Thursday, February 11, 2010

Let the story reveal the secret

Like the songs we find ourselves humming at odd moments, the stories we invent can end up winding our own stories, our hidden tales, all around us. Our invented images reflects the wilderness in our hearts. In the stories we make up, we often end up telling a second tale as well, one hidden in the brambles of metaphor.

Sometimes a song or a story are just that -- but occasionally they are deeper and far more insight revealing.

My Dad used to tell me a bedtime story that he had made up. I have never told it to anyone else. This is -- honestly -- the first time I have told it.

It is a lovely afternoon. The sun is bright and buttery and the skies are dazzlingly blue. A little boy from the village decides to go walking into the woods. He enjoys climbing a few lofty trees, wading in a rippling stream, picking sweet, wild berries. He walks and he wanders, going further and further from home, following one shiny moment after another. There are chipmunks to chase, birds to whistle with, and a young deer to follow through the bracken.

Before he knows it, time has passed, and it is getting dark. He turns to head home, but wait -- where is home? He confidently sets out in one direction, only to realize that it is growing darker and nothing is familiar. He tries another direction, but it all is starting to be confusing, and it is getting very dark.

This is the deep part of the forest, the part where light is a stranger, and the darkness amplifies the night sounds. He hears a bat rush past his face, is startled by the sudden "Whooooo Whoooo" of an owl, and begins to tremble when he hears twigs crack nearby. It is getting cold.

He finds a big tree with room next to its exposed and ancient roots for him to huddle. He starts to cry, softly, so that no creature of the forest will hear. The tears pour down his frightened face.

Out of the darkness he hears a gentle voice. "Little boy, little boy. Don't cry, little boy."

He opened his tear-filled eyes to behold the most beautiful lady he had ever seen. She had long, flowing hair, kind eyes and big angel wings. There was a warm light shining around her like a glow, though she carried no lantern. She gathered him up in her arms, lifting him as though he was as light as paper, and carrying him as if he had been a leaf on the wind. She began crooning a soft tune to him. He began to fel warm, warm and safe.

Little boy, little lost boy
Do not fear. I am here.
Little lost boy, no need to cry
Your guardian angel will take you home.

The guardian angel took the boy home, and he never wandered too far away again.

It always felt a little deus ex machina to me. I was glad the angel had come along in the story, but I didn't really think she did "for real".

Over the years, I began to understand that this story was my father's own Big Metaphor. His soul was trying to tell him and trying to tell me that he had been a lost boy. My father had endured horrific abuse in his childhood. It made him a rough fellow indeed, although he strove to be better than his father. And he surely was. But there was a crack that ran through my father's spirit, a crack that never mended. And through that crack came some sad and angry things. Things only something as powerful as an angel could heal.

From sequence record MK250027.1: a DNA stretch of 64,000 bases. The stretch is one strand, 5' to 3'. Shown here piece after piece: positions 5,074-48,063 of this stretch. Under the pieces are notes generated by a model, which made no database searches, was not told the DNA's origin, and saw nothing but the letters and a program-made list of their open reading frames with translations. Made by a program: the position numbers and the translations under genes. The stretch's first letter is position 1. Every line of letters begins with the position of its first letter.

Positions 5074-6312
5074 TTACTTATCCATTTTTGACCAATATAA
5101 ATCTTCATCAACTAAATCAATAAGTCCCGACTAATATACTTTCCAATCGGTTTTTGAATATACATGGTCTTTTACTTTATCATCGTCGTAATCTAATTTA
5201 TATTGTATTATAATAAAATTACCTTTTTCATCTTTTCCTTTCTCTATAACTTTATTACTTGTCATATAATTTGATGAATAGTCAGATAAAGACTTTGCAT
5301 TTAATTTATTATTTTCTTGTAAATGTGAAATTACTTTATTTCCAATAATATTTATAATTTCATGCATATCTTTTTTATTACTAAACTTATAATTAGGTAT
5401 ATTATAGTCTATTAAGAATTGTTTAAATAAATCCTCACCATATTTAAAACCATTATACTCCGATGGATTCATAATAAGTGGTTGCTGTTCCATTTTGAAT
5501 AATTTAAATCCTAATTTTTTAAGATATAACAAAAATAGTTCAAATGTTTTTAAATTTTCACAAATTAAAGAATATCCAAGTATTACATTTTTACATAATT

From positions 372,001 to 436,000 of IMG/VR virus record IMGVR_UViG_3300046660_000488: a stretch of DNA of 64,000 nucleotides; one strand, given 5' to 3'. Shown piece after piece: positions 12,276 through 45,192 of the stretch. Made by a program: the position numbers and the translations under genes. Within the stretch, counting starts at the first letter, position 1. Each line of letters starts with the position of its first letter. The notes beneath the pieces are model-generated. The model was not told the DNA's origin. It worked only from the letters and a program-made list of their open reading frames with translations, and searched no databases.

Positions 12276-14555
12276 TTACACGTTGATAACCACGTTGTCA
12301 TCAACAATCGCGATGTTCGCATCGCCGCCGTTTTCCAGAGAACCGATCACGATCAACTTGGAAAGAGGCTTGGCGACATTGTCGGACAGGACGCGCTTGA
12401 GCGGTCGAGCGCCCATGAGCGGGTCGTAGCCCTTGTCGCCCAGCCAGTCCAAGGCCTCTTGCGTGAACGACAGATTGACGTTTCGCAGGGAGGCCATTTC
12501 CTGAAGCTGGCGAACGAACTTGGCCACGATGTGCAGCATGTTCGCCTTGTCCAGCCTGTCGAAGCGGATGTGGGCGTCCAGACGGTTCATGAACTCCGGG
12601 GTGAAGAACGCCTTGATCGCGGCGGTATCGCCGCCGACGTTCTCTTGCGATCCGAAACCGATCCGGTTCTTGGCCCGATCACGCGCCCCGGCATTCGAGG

It makes sense to ask some questions about stories -- why didn't the boy's parents come get him? Why wasn't he with friends? Why was it not OK to cry?

The stories we tell can be a mirror. When I look at the stories I spontaneously made up for my godson, they featured the adventures of a turquoise and chartreuse female dinosaur named "Emily Brontosaurus" -- a writer's name from a writing godmother. A dinosaur godmother, one of whom it could be said "They do not make them like that anymore! She stood out in a crowd, and was conspicuous whether she wanted to be or not. She wasn't married, wandered around the jungle alone, but always found her way to some wonderful new place to explore and met people. She'd find a monkey to help learn to read, or a pterodactyl with which she could share a spot of tea. She was a cross between Mary Poppins and Auntie Mame. She was, now that I look back, me. But I didn't get lost in the jungle, like my father had gotten lost in the forest. I had adventures there.

But, like my father, we were both pretty much on our own to figure things out.

I wonder about these magical stories, and the archetypes they reveal. They are, as I mentioned earlier, like the songs we find ourelves humming or softly singing that turn out to be telling in some way.

I remember being excited about a date and humming Louis Armstrong's "Give Me A Kiss To Build A Dream On" -- or not looking forward to a visit with my then-in-laws and humming "Fly me to the moon." One nervous occasion had me thinly humming "Don't Worry Be Happy", and a reunion with old colleagues got me humming "Thank You (Falettinme Be Mice Elf Agin)" (That is the real spelling)

Then there are the obvious lovely afterglow times that found me absent-mindedly humming "Natural Woman". A drive past an exes apartment and I was suddenly singing the lyrics to "'Round Midnight".."It begins to tell, round midnight, round midnight ...doing pretty well til after sundown. Suppertime I'm feeling sad - but it really gets bad, 'round midnight....."

Images have enormous power to get us to see the workings of our souls. Our spirits hold them out before us, like flags, waving in front of our conscious minds. Feeling restless? Tel a spontaneous story, or start humming the first thing that comes to mind. You'll find direction. Nervous and not sure why? Try humming. Your soul will speak up. Let the images that are lining up an forming wondrous tales and inventive stories free. Let your own wise soul teach you what you need to understand, and point you in the direction you need to consider.


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